It's been 141 years since the original electric bulb went into production. Fortunately, engineers continued to work on lighting and today you have many different and better options for lighting. Today's lights are more efficient, come in more natural tones, and last much longer.
With so many choices and so much media dedicated to greening the home and office, you'd be right to wonder what's your best choice for lighting. The two frequent contenders right now are LED vs Halogen.
These newer bulb technologies utilize different materials to transfer the power of electricity, called Watts, into the power of light, called Lumens. Each runs a different percentage of heat to light and provides a variety of energy savings over traditional incandescent (Edison bulbs).
Read on to get a comprehensive breakdown of each bulb type and for what tasks they work best.
LED vs Halogen Bulbs
If you need light in a space, both types of bulbs accomplish that goal. The real reasons to dig deeper into the performance of each bulb include cost over the lifecycle, hours of usage, and the quality of that light.
Halogen bulbs were the first 'energy-efficient' bulbs to come out after tweaks to the old incandescent types. Instead of using a tungsten filament inside of a near-vacuum, a halogen bulb contains halogen gas.
To keep the bulb cool, they have a quartz powder coating. This coating reacts poorly to skin oils, it's suggested to change and install bulbs with a glove.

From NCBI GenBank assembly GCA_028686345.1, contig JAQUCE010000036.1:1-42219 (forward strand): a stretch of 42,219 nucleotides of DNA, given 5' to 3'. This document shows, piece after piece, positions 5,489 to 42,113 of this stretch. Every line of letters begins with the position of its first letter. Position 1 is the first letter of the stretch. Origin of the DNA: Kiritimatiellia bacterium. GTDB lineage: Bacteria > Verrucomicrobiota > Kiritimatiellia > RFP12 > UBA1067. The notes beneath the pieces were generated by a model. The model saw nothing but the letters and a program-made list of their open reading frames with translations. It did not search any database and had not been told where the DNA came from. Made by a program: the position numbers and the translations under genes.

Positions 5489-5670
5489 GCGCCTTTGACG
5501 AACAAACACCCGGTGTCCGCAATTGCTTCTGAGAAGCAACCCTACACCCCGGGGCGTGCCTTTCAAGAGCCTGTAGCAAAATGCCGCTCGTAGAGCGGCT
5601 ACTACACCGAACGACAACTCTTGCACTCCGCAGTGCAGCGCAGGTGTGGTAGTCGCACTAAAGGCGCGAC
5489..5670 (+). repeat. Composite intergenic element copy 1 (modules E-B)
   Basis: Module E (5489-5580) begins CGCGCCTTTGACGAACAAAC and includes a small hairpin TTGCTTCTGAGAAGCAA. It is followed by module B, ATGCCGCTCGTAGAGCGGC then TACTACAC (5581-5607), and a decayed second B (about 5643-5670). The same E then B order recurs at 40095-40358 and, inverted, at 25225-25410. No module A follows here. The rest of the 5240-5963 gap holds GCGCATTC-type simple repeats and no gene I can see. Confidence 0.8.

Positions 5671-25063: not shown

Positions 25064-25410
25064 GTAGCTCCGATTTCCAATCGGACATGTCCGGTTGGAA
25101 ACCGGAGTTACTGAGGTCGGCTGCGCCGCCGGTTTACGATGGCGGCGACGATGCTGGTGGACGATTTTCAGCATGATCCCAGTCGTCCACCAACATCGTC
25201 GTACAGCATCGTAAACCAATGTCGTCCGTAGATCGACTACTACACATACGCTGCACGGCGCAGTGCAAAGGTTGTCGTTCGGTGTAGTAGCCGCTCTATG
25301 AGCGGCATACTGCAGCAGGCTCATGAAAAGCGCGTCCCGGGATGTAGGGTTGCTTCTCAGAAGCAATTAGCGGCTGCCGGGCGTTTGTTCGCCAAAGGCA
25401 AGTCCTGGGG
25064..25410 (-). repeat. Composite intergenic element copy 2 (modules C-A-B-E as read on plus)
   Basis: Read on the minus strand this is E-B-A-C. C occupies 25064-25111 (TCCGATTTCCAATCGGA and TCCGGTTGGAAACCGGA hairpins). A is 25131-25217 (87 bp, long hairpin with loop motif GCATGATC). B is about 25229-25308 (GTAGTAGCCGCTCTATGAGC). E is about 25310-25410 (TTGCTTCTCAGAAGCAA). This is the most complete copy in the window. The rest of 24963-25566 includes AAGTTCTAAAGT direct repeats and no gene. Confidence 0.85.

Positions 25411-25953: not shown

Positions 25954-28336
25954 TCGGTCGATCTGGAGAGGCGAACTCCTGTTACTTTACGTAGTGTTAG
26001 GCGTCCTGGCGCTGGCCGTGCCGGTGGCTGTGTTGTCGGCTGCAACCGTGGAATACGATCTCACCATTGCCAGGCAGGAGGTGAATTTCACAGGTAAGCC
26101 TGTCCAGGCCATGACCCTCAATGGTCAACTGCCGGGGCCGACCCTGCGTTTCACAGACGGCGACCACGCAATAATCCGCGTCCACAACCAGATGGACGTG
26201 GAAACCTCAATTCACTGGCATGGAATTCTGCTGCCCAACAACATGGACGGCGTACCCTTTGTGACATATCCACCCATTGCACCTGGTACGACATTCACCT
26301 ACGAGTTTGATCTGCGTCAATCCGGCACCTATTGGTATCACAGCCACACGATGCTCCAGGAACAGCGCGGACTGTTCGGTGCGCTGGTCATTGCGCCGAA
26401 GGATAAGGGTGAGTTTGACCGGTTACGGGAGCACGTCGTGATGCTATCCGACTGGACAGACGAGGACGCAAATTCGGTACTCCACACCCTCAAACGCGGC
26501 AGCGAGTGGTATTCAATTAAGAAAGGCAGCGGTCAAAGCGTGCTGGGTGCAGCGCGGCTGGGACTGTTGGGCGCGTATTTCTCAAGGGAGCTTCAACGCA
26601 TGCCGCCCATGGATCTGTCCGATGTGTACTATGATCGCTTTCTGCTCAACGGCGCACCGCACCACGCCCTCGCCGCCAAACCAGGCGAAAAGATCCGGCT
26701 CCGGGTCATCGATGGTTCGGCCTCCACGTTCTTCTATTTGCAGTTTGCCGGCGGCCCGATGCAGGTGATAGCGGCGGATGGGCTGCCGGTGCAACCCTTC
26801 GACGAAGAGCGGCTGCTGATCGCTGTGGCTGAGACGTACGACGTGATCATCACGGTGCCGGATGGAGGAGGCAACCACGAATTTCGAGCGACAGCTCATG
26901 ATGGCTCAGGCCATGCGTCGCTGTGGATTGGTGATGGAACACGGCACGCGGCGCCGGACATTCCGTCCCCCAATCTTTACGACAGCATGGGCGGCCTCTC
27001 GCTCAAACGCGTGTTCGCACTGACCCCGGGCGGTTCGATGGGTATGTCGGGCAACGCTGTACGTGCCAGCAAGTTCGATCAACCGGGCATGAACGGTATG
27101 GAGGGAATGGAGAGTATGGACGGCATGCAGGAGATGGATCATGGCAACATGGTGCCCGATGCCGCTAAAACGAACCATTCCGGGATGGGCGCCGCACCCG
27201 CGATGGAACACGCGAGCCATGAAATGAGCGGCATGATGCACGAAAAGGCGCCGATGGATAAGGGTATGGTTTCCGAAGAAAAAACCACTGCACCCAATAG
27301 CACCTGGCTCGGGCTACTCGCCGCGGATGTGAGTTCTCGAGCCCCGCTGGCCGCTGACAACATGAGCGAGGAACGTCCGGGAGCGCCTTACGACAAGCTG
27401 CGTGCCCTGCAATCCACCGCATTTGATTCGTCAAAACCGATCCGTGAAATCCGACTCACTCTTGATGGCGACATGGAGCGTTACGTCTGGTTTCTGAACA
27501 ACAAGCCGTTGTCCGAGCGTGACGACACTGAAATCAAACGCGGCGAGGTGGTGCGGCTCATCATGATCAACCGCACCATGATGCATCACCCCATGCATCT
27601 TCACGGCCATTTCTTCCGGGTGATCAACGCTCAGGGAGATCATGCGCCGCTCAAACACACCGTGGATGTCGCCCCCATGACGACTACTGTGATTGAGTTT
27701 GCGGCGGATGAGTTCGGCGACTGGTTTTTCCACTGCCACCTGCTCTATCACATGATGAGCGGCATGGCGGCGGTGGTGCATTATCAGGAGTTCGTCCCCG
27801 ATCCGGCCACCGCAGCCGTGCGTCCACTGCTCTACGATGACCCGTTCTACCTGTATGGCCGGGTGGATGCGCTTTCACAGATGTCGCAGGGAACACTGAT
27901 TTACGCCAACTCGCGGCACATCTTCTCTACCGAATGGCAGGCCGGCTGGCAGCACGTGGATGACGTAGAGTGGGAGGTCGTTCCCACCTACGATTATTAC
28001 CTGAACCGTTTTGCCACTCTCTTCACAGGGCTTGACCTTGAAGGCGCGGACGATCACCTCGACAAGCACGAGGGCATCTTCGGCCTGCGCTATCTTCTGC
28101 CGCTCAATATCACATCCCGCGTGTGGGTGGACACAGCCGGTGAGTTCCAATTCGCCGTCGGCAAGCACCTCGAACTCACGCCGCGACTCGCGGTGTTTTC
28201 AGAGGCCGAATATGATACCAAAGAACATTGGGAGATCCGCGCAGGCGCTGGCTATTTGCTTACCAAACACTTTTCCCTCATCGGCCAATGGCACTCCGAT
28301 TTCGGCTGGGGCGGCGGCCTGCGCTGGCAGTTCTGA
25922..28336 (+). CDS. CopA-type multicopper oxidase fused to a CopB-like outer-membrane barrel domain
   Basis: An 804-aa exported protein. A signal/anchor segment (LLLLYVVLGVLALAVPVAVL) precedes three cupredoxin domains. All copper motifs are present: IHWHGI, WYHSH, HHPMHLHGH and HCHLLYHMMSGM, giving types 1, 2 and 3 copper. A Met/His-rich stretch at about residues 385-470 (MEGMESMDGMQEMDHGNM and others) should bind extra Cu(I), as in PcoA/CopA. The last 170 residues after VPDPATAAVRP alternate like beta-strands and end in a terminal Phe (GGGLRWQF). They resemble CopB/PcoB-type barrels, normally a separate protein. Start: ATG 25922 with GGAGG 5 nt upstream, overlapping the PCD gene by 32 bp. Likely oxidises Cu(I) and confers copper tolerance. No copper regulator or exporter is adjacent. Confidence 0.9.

Halogens are hot when running. In some cases hotter than incandescent cousins because they come in larger wattages for things such as flood or spotlights.
Halogen's work well for planters and indoor gardening as the light contains a high amount of ultraviolet (UV) and infrared (IR) wavelengths.
They burn bright, which makes them good when you need heat with your light source. For home use, this extra heat puts additional pressure on the AC.
The technology behind light-emitting diodes (LEDs) largely comes from the computer industry. They needed small, efficient lights that lasted a long time for indicators.
It's not surprising, then, that LEDs use semiconductors instead of a filament to create light. LEDs produce low IR and UV light, limit damage that they do to fabrics and skin. This is one reason to look at LED lit mirror ideas for your bathrooms.
LEDs come in a variety of colors since they only need to change the frequency of the light, rather than toned or dyed coverings. This makes it far easier to find or even program LEDs to produce your favorite decorative tones.
LEDs last upwards of 25,000 hours and produce much less waste heat than other options. They're also relatively inexpensive out of the box in addition to their lifecycle savings.
Find Your Space
There are only a few places where halogen bulbs come out on top in the LED vs Halogen fight. Those with a tight budget will likely still turn to the plain old incandescent bulbs for low traffic and limited use areas. For lights you keep on all the time, there's no beating the pros of LED.
Keep coming back here for more ideas and tips on how to make your space a home.